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Tobacco Use

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An estimated 440,000 people die from smoking – related causes each year in the United States. Nearly all smoking – related deaths occur after the age of 35, but the majority of adults who smoke began during adolescence. Eighty – two percent of adults who smoke started smoking before age 18, and virtually no adult smokers start after the age of 25.

Young adults ages 18 to 25 have the highest prevalence of recent smoking — 60 percent higher than that of adults over the age of 25. The National Institute on Drug Abuse describes the situation with tobacco by pointing out the following:

Still, 7.1 percent of 8th graders, 13.6 percent of 10th graders, and 19.2 percent of 12th graders were current smokers in 2010—they had used cigarettes in the 30 days prior to being surveyed. While there has been a sustained decline since the mid-1990’s, the past few years indicate a slowing of this decline. In fact, current use has leveled off among 8th,10th and, 12th graders, suggesting that renewed efforts are needed to ensure that teens understand the harmful consequences of smoking.

Approximately 70 million people ages 12 years or older reported current use of tobacco in 2009—58.7 million were cigarette smokers, 13.3 million smoked cigars, 2.1 million smoked pipes, and 8.6 million used smokeless tobacco.

Since 1964, more than 12 million Americans have died prematurely from smoking, and another 25 million U.S. smokers alive today will most likely die of a smoking-related illness.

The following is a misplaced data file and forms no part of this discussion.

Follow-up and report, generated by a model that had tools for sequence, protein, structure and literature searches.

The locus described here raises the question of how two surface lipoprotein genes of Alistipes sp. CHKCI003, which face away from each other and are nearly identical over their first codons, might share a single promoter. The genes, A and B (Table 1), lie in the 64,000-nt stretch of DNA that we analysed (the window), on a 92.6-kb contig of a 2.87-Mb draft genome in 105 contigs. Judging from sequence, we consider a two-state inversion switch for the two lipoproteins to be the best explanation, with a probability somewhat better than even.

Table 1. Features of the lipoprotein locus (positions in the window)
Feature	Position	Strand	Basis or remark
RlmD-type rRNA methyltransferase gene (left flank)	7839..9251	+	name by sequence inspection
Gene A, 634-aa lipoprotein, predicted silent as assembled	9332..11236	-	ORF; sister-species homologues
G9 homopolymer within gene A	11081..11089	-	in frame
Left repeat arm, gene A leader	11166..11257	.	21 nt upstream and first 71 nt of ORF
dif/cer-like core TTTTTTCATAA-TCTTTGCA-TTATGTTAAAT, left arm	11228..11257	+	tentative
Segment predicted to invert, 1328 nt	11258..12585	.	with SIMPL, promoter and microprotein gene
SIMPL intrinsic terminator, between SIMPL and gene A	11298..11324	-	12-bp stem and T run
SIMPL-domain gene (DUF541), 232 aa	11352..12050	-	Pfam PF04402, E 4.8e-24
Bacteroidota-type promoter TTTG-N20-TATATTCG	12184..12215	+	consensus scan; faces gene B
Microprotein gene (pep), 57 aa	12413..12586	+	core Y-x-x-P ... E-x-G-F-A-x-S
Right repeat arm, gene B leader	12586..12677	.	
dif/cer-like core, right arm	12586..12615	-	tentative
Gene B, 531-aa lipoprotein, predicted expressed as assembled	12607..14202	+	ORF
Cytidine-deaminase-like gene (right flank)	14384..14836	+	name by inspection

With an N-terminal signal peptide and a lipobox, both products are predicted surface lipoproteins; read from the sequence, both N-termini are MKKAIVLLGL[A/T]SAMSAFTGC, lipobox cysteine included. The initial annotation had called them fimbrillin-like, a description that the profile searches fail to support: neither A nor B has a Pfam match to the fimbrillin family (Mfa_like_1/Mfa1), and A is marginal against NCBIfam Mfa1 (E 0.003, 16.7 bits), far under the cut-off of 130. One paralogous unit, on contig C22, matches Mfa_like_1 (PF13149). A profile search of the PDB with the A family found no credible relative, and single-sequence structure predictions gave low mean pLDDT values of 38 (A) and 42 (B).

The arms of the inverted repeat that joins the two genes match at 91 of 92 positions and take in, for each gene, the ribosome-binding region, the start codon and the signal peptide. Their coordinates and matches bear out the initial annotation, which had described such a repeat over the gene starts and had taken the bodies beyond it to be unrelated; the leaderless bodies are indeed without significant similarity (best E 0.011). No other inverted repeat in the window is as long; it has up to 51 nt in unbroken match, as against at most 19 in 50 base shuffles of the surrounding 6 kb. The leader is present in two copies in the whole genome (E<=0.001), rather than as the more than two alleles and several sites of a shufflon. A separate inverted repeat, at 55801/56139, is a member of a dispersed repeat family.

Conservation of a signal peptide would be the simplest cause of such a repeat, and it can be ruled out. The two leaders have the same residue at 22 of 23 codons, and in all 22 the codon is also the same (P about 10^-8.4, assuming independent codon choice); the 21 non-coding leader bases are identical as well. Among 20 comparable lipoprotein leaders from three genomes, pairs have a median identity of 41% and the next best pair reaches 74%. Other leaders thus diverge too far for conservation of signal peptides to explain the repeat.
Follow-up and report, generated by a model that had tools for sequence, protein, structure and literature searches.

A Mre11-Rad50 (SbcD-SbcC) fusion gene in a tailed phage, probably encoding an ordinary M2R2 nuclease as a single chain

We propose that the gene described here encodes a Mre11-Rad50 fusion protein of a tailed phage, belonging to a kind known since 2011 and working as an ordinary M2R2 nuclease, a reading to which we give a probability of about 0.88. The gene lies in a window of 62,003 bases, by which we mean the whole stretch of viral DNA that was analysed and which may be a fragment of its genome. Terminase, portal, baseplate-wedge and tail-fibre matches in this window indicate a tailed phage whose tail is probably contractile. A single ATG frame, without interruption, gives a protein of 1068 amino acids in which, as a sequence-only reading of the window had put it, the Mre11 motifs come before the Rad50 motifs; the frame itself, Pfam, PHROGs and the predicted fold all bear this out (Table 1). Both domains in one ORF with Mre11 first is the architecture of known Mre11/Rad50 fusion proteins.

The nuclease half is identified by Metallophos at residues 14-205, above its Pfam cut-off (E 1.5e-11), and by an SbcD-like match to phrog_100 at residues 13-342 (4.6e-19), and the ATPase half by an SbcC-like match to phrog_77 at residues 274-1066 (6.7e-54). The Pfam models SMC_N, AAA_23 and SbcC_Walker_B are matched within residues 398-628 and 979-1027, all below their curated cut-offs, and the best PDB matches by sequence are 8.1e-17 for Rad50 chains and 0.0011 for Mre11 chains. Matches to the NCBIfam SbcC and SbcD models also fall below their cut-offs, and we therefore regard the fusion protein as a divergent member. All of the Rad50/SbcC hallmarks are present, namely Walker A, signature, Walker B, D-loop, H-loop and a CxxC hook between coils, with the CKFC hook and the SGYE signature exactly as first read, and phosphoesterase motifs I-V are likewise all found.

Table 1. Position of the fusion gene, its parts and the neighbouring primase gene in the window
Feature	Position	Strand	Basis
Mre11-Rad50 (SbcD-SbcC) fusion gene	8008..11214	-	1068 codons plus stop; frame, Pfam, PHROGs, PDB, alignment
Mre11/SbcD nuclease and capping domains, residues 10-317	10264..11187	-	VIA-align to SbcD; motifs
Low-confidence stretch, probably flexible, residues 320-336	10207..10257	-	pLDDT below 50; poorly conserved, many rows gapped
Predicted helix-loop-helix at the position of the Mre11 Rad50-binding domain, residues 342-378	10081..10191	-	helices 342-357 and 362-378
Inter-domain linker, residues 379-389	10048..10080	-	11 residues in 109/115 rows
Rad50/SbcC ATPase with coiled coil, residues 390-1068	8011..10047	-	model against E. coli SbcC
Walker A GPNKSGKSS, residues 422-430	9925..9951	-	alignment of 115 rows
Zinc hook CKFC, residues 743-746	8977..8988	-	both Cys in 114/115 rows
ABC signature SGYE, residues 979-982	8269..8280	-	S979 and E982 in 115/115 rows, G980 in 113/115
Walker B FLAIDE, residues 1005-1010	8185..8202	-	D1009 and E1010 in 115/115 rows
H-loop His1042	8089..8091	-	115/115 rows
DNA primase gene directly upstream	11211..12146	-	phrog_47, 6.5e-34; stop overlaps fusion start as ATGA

Smoking accounts for about one-third of all cancer deaths.

It causes lung diseases such as chronic bronchitis and emphysema, and it has been found to exacerbate asthma symptoms in adults and children.Smoking substantially increases the risk of heart disease, including stroke, heart attack, vascular disease, and aneurysm.Passive or secondary smoke also increases the risk for many diseases approximately 3,400 lung cancer deaths and 46,000 deaths from coronary heart disease per year among nonsmokers.

Nearly 90 percent of smokers start smoking by age 18, and of smokers under 18 years of age, more than 6 million will die prematurely from a smoking-related disease. Tobacco use by teens is not only the result of psychosocial influences, such as peer pressure; recent research suggests that there may be biological reasons for this period of increased vulnerability. Indeed, even intermittent smoking can result in the development of tobacco addiction in some teens.

The facts are clear, smoking is dangerous and it kills. If we focus keenly on preventing tobacco use among our children, when successfully, they are very unlikely to ever start smoking. Consider any use of tobacco among youth, even a single cigarette, as dangerous and in need of immediate action.

Author

Gary L. Hopkins, MD, DrPH, MPH is currently an associate research professor at Andrews University in Berrien Springs, Michigan where he is also associate director of the Institute for Prevention of Addictions, Director of the Center for Prevention Research and Director of the Center for Media Impact Research.